5 myths you are probably believing right now
With all the information that is rolling on the internet about fitness, nutrition, and lifestyle, it is very easy to feel overwhelmed sometimes and not know what are facts and what opinions.
Here are some common frequent questions that we are asked and that maybe at some point you believe.
Myth 1: My Friend lost ‘weight’ from doing (x), should I do the same?
Let’s get this part straight before diving any deeper. There is weight loss and there is fat loss.
If you want to lose weight, you can do the following: starve, dehydrate yourself, juice detox, sit in a sauna, etc…
However, if you want to lose body fat, you just need to make sure that your body is in a slight calorie deficit (200-500 per day) and ensure you are eating enough protein to satisfy the body’s ability to sustain metabolism and build/ repair the soft tissue.
Just because your friend did (x) to lose weight, it usually isn’t the full story and is just a process they used. Don’t follow processes, follow principles.
Myth 2: I do cardio because it helps me lose weight faster than weights.
There is some truth to this statement. Cardio is a great way to help increase the amount of calories burned that day and therefore help you be in a greater calorie deficit → more fat loss (assuming that you’re eating adequate protein).
However, a lot of people forget that weights are still a great calorie burner and will continue to help you burn calories well throughout the next 24-48 hours whilst your body attempts to grow and repair itself.
“Muscle is expensive to maintain”, which means that in order to maintain a body that’s higher in muscle mass, it will cost more calories.
Which, back in the cavemen days might not have been a good thing, however, now it means that you have a much larger buffer system which you can either use to
- increase the speed at which you lose body fat
- Not have to stress about every single calorie that comes into your body because you will likely use it towards growth and repair.
Simply put: complete a minimum of 3 weight sessions a week and if you’d like to burn some extra calories with some cardio so that you’re able to eat a few extra at dinner time, then by all means, it’s a great idea.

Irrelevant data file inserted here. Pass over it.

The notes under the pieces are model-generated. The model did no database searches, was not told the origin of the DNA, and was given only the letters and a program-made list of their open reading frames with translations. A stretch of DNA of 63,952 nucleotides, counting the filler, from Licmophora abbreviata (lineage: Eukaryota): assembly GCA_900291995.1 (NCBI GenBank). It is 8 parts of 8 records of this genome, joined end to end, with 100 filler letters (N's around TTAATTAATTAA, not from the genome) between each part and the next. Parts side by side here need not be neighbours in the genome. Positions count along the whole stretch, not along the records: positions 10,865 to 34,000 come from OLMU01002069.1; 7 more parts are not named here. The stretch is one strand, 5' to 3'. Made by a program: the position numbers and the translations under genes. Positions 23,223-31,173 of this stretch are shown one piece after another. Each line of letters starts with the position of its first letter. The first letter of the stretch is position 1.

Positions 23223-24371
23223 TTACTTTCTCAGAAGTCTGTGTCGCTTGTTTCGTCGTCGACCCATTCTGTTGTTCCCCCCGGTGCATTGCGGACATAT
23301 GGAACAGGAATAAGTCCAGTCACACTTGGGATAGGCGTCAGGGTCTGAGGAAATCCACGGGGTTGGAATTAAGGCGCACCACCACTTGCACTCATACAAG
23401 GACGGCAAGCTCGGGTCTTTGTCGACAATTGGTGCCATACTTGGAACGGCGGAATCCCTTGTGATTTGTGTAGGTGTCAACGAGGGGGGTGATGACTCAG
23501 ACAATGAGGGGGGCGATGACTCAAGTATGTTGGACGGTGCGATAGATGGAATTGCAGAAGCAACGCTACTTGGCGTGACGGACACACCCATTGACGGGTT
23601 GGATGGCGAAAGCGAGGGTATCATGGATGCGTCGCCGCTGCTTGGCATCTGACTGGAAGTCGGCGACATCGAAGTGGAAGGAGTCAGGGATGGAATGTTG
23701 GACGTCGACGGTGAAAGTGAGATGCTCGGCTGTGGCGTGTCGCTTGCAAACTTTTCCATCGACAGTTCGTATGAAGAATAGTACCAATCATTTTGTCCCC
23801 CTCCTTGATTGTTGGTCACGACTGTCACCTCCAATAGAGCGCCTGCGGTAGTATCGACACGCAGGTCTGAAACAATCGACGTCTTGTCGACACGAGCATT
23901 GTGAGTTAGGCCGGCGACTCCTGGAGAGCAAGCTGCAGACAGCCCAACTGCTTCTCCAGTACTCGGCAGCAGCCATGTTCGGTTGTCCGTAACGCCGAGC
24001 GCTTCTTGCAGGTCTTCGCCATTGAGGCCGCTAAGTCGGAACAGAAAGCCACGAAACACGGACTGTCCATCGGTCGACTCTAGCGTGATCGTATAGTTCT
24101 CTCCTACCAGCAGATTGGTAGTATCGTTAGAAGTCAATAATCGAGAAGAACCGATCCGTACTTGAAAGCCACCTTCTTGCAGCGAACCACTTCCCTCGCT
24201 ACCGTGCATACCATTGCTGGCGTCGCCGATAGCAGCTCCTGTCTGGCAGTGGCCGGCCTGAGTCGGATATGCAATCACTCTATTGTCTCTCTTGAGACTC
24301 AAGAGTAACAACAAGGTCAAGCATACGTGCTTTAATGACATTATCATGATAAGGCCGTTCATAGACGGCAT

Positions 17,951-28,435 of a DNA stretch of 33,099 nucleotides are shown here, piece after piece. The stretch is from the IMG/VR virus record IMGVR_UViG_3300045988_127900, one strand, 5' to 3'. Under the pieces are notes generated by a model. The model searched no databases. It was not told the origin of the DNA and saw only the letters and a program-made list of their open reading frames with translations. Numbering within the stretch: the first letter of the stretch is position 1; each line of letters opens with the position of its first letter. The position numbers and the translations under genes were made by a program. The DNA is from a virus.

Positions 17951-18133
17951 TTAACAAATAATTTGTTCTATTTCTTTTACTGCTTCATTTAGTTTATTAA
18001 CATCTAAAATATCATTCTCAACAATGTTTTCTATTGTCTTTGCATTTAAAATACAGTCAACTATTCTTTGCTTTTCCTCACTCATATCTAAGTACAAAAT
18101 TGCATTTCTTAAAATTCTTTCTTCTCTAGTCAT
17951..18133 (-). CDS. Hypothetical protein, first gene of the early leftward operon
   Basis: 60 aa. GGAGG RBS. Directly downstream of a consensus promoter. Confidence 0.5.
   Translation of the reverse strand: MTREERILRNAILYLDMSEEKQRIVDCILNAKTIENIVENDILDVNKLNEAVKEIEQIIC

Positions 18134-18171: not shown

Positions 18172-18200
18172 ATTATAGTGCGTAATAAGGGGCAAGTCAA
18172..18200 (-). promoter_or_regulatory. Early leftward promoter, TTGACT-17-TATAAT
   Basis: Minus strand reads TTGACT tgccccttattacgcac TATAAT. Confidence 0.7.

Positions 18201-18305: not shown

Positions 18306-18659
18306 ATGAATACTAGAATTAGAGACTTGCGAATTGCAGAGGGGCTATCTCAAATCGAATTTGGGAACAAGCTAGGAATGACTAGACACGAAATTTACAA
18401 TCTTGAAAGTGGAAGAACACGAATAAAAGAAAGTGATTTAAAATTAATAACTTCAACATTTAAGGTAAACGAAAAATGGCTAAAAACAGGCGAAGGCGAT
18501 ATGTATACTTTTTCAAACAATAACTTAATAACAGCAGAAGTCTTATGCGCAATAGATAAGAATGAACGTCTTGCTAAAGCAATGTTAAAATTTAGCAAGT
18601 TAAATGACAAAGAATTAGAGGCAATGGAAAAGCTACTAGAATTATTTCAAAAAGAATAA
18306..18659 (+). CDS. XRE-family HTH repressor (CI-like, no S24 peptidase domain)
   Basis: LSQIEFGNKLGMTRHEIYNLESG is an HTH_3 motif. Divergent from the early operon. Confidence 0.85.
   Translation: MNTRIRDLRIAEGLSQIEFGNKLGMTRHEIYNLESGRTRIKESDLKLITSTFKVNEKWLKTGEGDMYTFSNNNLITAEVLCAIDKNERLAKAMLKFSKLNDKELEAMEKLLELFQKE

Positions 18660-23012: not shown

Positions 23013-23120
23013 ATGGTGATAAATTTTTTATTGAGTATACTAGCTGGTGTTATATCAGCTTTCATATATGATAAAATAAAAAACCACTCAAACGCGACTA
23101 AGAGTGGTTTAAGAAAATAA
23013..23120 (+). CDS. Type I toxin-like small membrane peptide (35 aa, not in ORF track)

Myth 3: I don’t want to get bulky from doing weights
That’s exactly like saying, “I don’t want to start running incase I turn into an olympic sprinter”.
Unfortunately, muscle mass doesn’t grow that quick. It takes a long time and requires a lot of factors to be in order before it miraculously appears.
In order for muscle mass to grow you will need the perfect amount of stimulus, coupled with a calorie surplus so that the muscles can increase.
Here’s where most people go wrong:
- They increase their calories and end up putting on a little bit of fat mass
- As they start to lose some body fat, they can see more definition in their muscles and assume it’s bigger.
(which I think is a good thing, but each to their own)
The best thing to do is to stay objective, not subjective. To get proper measurements and body fat pinch tests done so that you aren’t going by feel. This is what we do at our gyms so that we can give measurable goals and success.
Weights will only make you bulky if you’re eating in a calorie surplus and you’re increasing the size of your muscle mass + the size of your fat mass at the same time. You’re getting bigger because you’re eating too much. Stop blaming the weights.
Myth 4: I got told I need supplements to lose weight and supplements to get bigger. True or not?
Not. Supplements literally mean “filling in the gap” between what your body is getting and what your body is needing. So, if your nutrition plan was on point, there would be no need for supplementing. Supplements are a great way to ensure you’re getting enough of a certain macro or micro nutrient in your diet so that you can recover better and therefore train harder.
However, if you’re already looking for short-cuts with supplements rather than looking to change your nutrition tactics, are you really in the right mindset for success?
Myth 5: Carbs are the devil
No they’re not.
Carbs don’t make you fat, just like fat or protein don’t make you fat.
It is the quantity in which you consume them that can make you store fat.
The thing with carbohydrates, is that it causes blood sugar to rise.
Due to a carbohydrate being a sugar, the more carbs you eat → the more free blood glucose you ingest → the higher your insulin goes, which then increases your body’s fat storing mechanism.
They are also quite easily over-consumed due to their taste and flavour, so most people find it easy to over indulge carbs and therefore increase their total calories.
Too many calories → increased fat storage
Outcome, reducing carbs works for most people because it allows them to eat a diet higher in protein and good fats, so their foods are now bigger volume with less calories.
But before we get too caught up in the science of carbs, we see so many people following theories and systems (questionable ones at that) when they should be following basic principles that stand the test of time.
Eat high quality foods in the right quantities for your goals and ensure that you’re hitting a variety of measurable tests of fitness across a broad range of movements, modalities, and time domains.
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